Some Republicans, though, say a military attack may be required if only to set back Iran's nuclear program a few years. "Every year that we wait, the risk increases," said former House speaker Newt Gingrich, a member of the Pentagon's Defense Policy Board. "I would hope that the administration would decide to do something decisive. . . . We have the military power in the region if we need it. It's a question of whether we have the will."

Not that he cares, but I don't think he'll get the Hispanic vote -- he's already equated bi-lingual education as the "language of the ghetto" and mocked the idea of bi-lingual ballots.

If Newt gets in the race, the left and the media will have a field day with him. I just hope he doesn't start making Rudy look good by comparison. In my opinion, they're both abysmal choices for the Presidency.

< Marijuana Arrests at All-Time High | Prosecution Accuses Sen. Larry Craig of "Politicking" >
  • The Online Magazine with Liberal coverage of crime-related political and injustice news

  • Contribute To TalkLeft

  • Display: Sort:
    Sure but... (5.00 / 1) (#1)
    by TomStewart on Mon Sep 24, 2007 at 06:09:39 PM EST
    Is he right with Jesus?

    Remember, as  long as he's a Republican, and having affairs with women, it's okay.

    and (none / 0) (#6)
    by cpinva on Mon Sep 24, 2007 at 11:45:07 PM EST
    how do you know for certain he's only having affairs with women?

    he'd fit right in with the current crop of republican candidates though, if you think about it. how would you tell him from the rest? ok, romney does look better in a suit, but that's about it.

    he's a caricature of himself, no one with half a functioning brain takes him seriously.


    Sure, sure (none / 0) (#7)
    by TomStewart on Tue Sep 25, 2007 at 01:19:31 AM EST
    but unless he's caught with a live (and or dead) boy, he's golden. I know, I know, he's nut's, but in this republican field, he'll blend right in. I place him somewhere between Rudy and Ron Paul, on the nut scale.

    well, i'm not sure (none / 0) (#9)
    by cpinva on Tue Sep 25, 2007 at 08:23:50 AM EST
    about that. the main difference, i think, is gingrich's complete detachment from reality, as the rest of us know it. sure, rudy and ron suffer their own detachment, but i believe newt's got it all over them.

    truthfully, i think it would be highly entertaining (though not enlightening) to have all 3 in their own debate.

    just a suggestion FOX.


    Its a rule of mine never to wish for a (none / 0) (#2)
    by Molly Bloom on Mon Sep 24, 2007 at 06:27:23 PM EST
    particular opponent in an election, but I could make an exception for Newt.

    If Gingrich treats the Constitution the way (none / 0) (#3)
    by sailmaker on Mon Sep 24, 2007 at 06:47:47 PM EST
    he has treated his marriage vows, Gingrich will dump the Bill of Rights, no, the whole Constitution on the 4th of July.  Maybe we don't have to worry about the Constitution too much even if Newt does get selected:  Bush has taken significant wacks at it already.

    To be fair (none / 0) (#4)
    by scarshapedstar on Mon Sep 24, 2007 at 08:56:42 PM EST
    The Constitution's pretty much terminal and might not survive unless we excise the Electoral College immediately.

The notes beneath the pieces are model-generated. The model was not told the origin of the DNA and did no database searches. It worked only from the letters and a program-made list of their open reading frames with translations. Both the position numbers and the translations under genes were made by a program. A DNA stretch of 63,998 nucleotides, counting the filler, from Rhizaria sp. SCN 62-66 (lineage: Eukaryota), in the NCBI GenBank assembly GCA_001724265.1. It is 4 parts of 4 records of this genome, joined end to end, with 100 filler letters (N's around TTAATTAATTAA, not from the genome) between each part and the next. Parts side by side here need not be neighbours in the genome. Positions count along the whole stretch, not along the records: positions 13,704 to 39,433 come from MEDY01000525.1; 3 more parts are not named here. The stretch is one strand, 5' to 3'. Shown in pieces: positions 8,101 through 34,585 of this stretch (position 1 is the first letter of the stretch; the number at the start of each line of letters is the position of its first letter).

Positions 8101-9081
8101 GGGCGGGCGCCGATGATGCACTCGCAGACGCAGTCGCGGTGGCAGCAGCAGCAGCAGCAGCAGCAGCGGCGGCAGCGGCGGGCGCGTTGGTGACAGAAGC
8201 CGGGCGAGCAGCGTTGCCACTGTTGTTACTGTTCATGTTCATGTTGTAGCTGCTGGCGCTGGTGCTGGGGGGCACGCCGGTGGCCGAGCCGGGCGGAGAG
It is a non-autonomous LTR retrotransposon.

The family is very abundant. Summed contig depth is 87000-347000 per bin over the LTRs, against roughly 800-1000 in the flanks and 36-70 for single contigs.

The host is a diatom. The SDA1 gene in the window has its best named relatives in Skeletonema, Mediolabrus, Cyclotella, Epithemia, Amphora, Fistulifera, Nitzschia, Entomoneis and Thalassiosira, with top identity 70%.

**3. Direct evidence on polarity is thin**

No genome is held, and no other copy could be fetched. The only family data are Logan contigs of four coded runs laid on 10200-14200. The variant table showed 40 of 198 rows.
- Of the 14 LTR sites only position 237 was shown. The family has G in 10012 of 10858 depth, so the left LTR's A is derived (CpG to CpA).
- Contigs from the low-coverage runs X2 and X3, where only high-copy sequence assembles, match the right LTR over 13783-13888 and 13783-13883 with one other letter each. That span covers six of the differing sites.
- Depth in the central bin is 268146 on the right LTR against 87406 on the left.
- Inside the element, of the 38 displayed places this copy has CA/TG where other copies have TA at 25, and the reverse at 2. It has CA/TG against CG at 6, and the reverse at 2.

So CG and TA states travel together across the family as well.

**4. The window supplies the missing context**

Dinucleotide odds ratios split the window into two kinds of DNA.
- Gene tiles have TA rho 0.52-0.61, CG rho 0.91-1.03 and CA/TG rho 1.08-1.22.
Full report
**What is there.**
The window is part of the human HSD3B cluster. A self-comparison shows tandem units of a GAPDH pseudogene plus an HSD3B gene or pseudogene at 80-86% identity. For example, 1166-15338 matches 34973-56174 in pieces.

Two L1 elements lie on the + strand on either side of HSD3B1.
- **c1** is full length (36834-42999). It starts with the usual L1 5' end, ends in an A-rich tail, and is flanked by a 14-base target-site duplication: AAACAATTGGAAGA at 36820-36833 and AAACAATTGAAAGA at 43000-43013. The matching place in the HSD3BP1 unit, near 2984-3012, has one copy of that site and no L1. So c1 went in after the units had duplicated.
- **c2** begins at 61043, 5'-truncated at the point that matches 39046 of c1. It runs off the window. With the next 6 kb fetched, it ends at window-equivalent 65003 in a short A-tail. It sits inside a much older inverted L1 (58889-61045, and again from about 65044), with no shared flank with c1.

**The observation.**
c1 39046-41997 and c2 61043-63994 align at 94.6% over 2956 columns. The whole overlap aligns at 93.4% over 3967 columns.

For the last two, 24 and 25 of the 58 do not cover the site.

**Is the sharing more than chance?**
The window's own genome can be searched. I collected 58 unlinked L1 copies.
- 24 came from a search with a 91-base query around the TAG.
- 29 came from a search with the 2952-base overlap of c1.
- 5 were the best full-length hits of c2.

Why does Newt hate... (none / 0) (#5)
    by garyb50 on Mon Sep 24, 2007 at 11:00:59 PM EST
    ... sick American women?

    Because (none / 0) (#8)
    by TomStewart on Tue Sep 25, 2007 at 01:21:03 AM EST
    sick women are no longer any use to him, and can only hamper his ambitions.

    Its the ideas stupid (none / 0) (#10)
    by benjamin on Tue Sep 25, 2007 at 04:20:40 PM EST
    WHEW! Lots of worrisome comments but no real meat kids. Marriage vows and what ever other ancient history one would want to argue or dredge will pale and be long forgotten(if not already) on the stage of debate. No matter if it is with a misguided Obama or a life long fascist wannabe in the form of Clinton II, an articulate person with actual ideas and not limited to 20 second sound bites will make a definite positive impact on voters. It "is" only those with half of a brain that refuse to see this. As my comments may not fit in with those of the short sighted here, I expect not to see my comments posted. But thats cool, fascism isn't fascism when the far left does it, right?

    Mighty Meaty Comment there... (none / 0) (#11)
    by garyb50 on Tue Sep 25, 2007 at 05:22:04 PM EST

    You might want to work a little on that 'articulate' thing.



    Fascism (none / 0) (#12)
    by eric on Tue Sep 25, 2007 at 05:59:35 PM EST
    fascism isn't fascism when the far left does it, right?

    Actually, you are correct.  Fascism isn't a left-wing phenomenon.  It's right-wing thing, only.  There have certainly been authoritarian regimes that claim to be left-wing, but that definitely wouldn't be fascism.  (It wouldn't really be left-wing, either, but let's keep on point.)

    Fascism is, by definition, is a right wing phenomenon inasmuch as it is corporatist and puts the needs of the state above the individual.

    So anyway, you are right, the left isn't fascist.


    thanks ... (none / 0) (#13)
    by benjamin on Tue Sep 25, 2007 at 07:58:09 PM EST
    Eric, caught that huh? cool. Maybe all is not lost after all.

    garyb50, kids was just a term of endearment. you do not find Newt articulate?

    Comments now closed, new post (none / 0) (#14)
    by Jeralyn on Mon Oct 26, 2009 at 01:41:54 AM EST
    here, comments open.